On coffee shops closing, the shortage of park benches, and the right to stay still
Americans have a funny relationship with motion. A person walking down the street is perfectly ordinary and attracts no attention. But if that same person stands in the same place on the sidewalk for ten minutes, they're sure to attract attention.
■ A car moving down the road? As normal as can be. But park that same car in the wrong place for too long (a parking lot, or in front of a prominent building), and a tow truck is probably soon to be on the way.
■ It's not a bad thing that we see fit to leave people alone when they're in motion. A bustling nation is usually a prosperous one. But we do need to consider whether we have enough spaces (in the right locations) for people to stay still.
■ Public spaces for people to remain still can be hard to maintain. Unlike a rotisserie oven, you cannot just "set it and forget it". Keeping spaces clean, sheltered, and heated costs money. Staffs must be hired and trained, and conscientious upkeep is a necessity.
■ There's a reason coffee shops are reconsidering their tolerance for "campers" and shifting to drive-through configurations. And it's much the same reason parks and libraries have trouble maintaining clean and orderly conditions when their budgets get clipped. Likewise for the widespread demise of the indoor shopping mall.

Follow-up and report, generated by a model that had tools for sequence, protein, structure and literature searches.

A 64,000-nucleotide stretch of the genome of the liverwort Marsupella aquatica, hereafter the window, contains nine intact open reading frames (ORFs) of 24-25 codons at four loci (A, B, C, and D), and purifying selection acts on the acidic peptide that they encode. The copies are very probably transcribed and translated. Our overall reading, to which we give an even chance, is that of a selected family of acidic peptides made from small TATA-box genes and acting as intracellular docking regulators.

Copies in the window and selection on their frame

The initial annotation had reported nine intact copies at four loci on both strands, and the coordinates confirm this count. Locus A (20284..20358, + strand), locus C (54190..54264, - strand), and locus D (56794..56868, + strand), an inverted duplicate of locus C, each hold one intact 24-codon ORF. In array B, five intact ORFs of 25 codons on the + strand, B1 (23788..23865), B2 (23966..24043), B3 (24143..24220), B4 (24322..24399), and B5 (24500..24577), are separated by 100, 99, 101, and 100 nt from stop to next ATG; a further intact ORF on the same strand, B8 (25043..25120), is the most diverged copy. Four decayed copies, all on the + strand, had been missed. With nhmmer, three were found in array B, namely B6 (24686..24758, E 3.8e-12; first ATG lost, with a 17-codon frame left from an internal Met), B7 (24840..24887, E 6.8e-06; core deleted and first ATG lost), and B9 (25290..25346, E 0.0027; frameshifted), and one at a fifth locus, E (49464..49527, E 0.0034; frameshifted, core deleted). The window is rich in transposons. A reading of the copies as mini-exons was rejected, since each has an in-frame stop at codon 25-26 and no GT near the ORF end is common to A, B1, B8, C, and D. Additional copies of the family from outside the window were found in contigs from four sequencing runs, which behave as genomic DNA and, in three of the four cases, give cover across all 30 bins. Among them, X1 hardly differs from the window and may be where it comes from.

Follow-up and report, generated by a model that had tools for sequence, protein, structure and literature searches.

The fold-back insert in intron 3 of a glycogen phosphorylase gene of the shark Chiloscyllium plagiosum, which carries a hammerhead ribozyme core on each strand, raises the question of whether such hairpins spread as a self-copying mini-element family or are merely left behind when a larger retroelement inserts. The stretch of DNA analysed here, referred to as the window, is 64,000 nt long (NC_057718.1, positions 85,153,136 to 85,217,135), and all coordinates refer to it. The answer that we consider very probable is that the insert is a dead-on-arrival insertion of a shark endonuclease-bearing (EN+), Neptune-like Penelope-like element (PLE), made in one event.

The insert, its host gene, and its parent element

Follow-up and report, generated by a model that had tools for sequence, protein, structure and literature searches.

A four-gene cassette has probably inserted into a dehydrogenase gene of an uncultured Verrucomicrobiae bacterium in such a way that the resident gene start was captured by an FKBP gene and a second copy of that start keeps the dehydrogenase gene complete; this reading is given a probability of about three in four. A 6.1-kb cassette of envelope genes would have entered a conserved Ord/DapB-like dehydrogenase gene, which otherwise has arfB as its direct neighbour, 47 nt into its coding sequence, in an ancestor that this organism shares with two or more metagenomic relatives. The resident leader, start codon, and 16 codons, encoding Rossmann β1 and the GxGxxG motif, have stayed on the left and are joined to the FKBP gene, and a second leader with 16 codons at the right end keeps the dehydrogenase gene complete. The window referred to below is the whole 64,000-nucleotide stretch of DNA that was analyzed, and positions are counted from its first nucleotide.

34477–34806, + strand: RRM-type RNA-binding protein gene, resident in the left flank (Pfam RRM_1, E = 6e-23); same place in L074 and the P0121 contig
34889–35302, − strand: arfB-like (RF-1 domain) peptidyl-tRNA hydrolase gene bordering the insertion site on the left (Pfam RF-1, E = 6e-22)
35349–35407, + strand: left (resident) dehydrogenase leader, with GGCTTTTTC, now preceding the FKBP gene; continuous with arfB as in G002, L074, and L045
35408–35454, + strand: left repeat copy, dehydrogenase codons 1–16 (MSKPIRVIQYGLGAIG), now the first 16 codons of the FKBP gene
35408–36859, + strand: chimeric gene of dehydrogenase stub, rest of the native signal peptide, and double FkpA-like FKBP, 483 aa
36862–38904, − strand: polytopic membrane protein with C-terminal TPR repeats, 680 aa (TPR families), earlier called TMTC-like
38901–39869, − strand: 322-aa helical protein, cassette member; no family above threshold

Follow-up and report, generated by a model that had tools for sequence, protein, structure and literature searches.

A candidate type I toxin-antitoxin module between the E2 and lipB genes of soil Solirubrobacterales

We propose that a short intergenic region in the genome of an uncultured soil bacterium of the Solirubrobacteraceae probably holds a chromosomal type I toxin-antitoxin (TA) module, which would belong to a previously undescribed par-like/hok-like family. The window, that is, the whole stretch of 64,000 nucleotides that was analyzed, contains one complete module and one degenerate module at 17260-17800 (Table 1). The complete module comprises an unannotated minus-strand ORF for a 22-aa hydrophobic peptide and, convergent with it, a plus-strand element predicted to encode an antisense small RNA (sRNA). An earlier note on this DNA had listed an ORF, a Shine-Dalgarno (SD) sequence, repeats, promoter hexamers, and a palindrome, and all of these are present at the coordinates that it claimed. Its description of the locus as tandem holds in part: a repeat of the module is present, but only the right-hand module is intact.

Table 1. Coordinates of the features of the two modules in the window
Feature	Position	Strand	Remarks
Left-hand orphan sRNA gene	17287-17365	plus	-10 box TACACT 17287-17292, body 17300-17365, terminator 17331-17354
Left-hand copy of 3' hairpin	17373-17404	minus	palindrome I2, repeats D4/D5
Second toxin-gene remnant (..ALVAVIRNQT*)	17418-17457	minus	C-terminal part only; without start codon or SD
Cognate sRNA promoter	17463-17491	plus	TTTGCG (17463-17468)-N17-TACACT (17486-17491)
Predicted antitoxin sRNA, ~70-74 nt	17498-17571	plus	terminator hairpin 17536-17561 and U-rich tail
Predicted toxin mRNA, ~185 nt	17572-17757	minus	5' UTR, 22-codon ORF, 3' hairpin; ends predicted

■ We just don't do well with people staying in place unless they're actively paying some kind of rent (either explicitly or implicitly). It's a cultural feature of American life that deserves closer attention.
■ Yet for all our reluctance to make provisions for people to sit still, we spend extraordinary amounts on the right to keep moving: Road and highway spending dwarfs spending on public spaces. We'll spend millions of public dollars to build airports where people will mostly just sit and wait, but we're not all that interested in providing the same accommodations for people who aren't going anywhere.
■ Protected freedom of motion is a mostly unalloyed good, and we should keep it as unfettered as possible. But the need to protect the freedom to remain still (without bothering others) deserves a second look.